Below are some common terms defined in Michigan law [MCL 257]:
BICYCLES are human-powered devices (not vehicles) with 2 or 3 wheels all over 14 inches in diameter.
BICYCLE LANES are the portion of the street that is adjacent to the roadway and established for those riding bicycles.
CROSSWALKS, whether marked or not, are at all roadway intersections and are aligned with the sidewalks. They can also exist outside of intersections (typically midblock crossings) when indicated by pavement markings.
MOTOR VEHICLES are self-propelled vehicles, however, this does not include electric bikes, electric skateboards, commercial quadricycles (e.g. beer bikes), or personal mobility devices.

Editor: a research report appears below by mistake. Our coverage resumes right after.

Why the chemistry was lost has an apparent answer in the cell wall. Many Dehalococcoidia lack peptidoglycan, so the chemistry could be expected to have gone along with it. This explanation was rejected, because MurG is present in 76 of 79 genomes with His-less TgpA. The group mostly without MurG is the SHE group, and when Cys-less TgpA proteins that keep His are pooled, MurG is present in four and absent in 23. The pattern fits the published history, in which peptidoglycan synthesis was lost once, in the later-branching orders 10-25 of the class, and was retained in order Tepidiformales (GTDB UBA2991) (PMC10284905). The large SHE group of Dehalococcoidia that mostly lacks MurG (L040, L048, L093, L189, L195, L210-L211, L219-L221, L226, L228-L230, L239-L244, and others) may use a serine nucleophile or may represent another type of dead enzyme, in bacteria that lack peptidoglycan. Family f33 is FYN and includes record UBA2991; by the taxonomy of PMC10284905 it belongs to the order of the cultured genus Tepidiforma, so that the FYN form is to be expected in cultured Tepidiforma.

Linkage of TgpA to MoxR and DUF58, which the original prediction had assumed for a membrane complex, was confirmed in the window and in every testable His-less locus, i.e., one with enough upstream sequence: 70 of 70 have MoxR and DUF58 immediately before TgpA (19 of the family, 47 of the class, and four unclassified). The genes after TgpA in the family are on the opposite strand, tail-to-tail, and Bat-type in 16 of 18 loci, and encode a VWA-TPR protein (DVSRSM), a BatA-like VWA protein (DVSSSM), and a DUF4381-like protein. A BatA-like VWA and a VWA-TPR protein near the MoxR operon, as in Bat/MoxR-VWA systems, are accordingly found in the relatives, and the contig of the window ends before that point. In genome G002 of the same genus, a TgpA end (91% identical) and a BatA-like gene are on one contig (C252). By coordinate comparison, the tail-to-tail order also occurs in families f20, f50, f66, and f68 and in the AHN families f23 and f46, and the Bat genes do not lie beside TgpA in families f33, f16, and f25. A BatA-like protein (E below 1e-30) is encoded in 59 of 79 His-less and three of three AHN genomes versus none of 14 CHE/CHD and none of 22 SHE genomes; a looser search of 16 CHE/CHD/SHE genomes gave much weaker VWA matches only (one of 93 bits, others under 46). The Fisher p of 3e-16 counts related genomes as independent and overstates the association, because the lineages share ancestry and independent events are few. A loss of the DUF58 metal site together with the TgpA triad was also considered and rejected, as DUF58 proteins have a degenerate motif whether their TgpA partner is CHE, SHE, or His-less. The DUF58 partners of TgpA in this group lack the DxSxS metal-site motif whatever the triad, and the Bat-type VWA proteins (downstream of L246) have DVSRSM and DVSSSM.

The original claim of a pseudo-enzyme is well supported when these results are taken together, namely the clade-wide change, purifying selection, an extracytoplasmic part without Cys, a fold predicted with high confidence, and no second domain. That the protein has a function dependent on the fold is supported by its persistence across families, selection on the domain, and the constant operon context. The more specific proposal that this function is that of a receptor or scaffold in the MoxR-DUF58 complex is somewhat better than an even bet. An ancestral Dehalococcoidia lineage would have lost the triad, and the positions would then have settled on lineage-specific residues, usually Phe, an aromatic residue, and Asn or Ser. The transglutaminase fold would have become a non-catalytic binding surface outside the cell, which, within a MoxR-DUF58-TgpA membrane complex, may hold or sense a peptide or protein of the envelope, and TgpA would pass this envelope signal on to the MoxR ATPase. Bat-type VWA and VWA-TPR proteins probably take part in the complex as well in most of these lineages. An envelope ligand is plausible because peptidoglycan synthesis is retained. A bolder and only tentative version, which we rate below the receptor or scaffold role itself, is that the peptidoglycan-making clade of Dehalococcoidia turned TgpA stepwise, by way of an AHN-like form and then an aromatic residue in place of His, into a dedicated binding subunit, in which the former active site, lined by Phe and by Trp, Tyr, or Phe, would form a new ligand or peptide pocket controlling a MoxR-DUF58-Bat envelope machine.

ROADWAY is officially the portion of the street “improved, designed, or ordinarily used for vehicular travel.” It does not include bike lanes, parking lanes, shoulders, or sidewalks. This definition is important to understanding Michigan bicycle laws.
STREET and HIGHWAY mean the same and are both the entire width of the public right-of-way open to vehicular travel. TRAFFIC means “pedestrians, ridden or herded animals, vehicles, street cars and other conveyances either singly or together while using any highway for purposes of travel.” Bicyclists and scooters are included in this definition. WE ARE ALL TRAFFIC!